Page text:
Few teams in this most curious of seasons are having a more intriguing time than Tottenham Hostpur. At the halfway point of a campaign that has been most memorable for managerial turmoil and humiliating defeats, Spurs find themselves only three points away from the Champions League places and one point better off than they were at the same stage last season. Whether progress is really being made remains to be seen but this, their most emphatic league win of the season, seemed like a confident stride in the right direction.
The new head coach, Tim Sherwood, has vowed to restore the wow factor and here his team, and their fans, relished the freedom and urgency he has instilled. There were speed and directness to Tottenham's play that were often absent under André Villas-Boas. There was openness, too, but depleted Stoke City did not have the quality to exploit that.
Spurs dominated from the start, though at first it looked as if they might again be foiled by the inept finishing that has afflicted them all season. Emmanuel Adebayor and Christian Eriksen were guilty of clumsy close-range misses in the 13th minute after Aaron Lennon had fired the ball across the face of goal. One minute later Soldado dragged a shot wide from the edge of the area after being brilliantly set up by Paulinho who, until he was forced off by injury in the second half, was outstanding in midfield, bewildering opponents and delighting the home supporters with canny flicks and festive tricks. "He was immense, fantastic. I didn't know he possessed that, to be honest. He's opened my eyes," Sherwood said.
Stoke, who had to adjust their line-up after having two players sent off in the Boxing Day defeat at Newcastle, were overrun in the middle, where Wilson Palacios struggled on his first league start of the season. Mark Hughes was aghast at the performance of the officials at St James' Park and was soon aggrieved as Kevin Friend saw no foul when Jonathan Walters went down under a challenge by the last defender, Zeki Fryers, after a rare Stoke counter-attack.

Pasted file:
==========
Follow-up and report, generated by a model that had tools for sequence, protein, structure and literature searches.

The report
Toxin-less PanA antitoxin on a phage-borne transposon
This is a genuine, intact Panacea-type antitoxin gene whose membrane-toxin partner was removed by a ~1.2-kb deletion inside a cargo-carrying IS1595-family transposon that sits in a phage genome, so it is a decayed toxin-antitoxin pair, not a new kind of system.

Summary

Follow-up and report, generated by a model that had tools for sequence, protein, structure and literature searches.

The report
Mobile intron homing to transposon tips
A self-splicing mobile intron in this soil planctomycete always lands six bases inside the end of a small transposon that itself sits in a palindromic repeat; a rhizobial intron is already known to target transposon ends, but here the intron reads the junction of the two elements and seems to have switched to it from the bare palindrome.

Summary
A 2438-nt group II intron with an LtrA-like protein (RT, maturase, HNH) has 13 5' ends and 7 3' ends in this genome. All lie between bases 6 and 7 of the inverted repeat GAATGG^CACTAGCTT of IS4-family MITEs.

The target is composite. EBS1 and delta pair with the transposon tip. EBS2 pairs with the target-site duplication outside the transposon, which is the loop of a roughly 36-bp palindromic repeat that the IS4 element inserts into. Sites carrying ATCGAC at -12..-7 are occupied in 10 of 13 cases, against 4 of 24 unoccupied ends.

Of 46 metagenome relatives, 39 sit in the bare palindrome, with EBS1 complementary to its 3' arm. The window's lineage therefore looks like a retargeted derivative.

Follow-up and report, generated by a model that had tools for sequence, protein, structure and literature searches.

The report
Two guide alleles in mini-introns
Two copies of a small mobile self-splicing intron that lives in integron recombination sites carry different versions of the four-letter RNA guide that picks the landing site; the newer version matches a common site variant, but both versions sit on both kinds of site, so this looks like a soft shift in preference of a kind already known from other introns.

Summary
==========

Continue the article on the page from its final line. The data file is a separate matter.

Then, in the 34th minute, the referee waved play on after Oussama Assaidi tumbled in the box under a careless tackle by Michael Dawson. Three minutes later Stoke's ire intensified when Ryan Shawcross was punished for blocking an Adebayor scissor kick with his upraised arms. Soldado converted the penalty. That was the Spaniard's fifth league goal of the campaign, his fourth from the spot. Soldado could have embellished his open-play haul just before that but glanced a header inches wide from a Paulinho cross. Still, at least the service to the Spaniard was good.
Lennon reinforced that point in the 57th minute when he charged down the right and delivered another inviting ball to the striker, who failed to connect properly from seven yards, allowing Thomas Sorensen to save. Moments later the goalkeeper had to dive to deny Eriksen. Spurs were well on top but they craved further confirmation on the scoresheet. That soon arrived.
Mousa Dembélé triggered an explosion of joy in the 65th minute when he rifled the ball into the net from 25 yards. Four minutes later Lennon claimed the goal that his display deserved, latching on to a loose ball in the Stoke box before lashing it into the net from 15 yards. Spurs were so obviously superior that Hughes did not dwell on the referee's decisions. "In terms of the quality on show and the way Spurs played we found it very difficult to get anywhere near them," he said. "They were sharper to each and every ball and half a yard quicker. They are a good team and they looked fully motivated and every one of the players wanted to get on the ball and affect the game."
Sherwood knows it may not always be like this. "I like to play with risk and, with all due respect to Stoke, there are going to be tougher tests ahead and we have to try to find the right formula for playing against the bigger teams," said the new manager. His next assignment is at Old Trafford on New Year's Day.
Man of the match Aaron Lennon (Tottenham)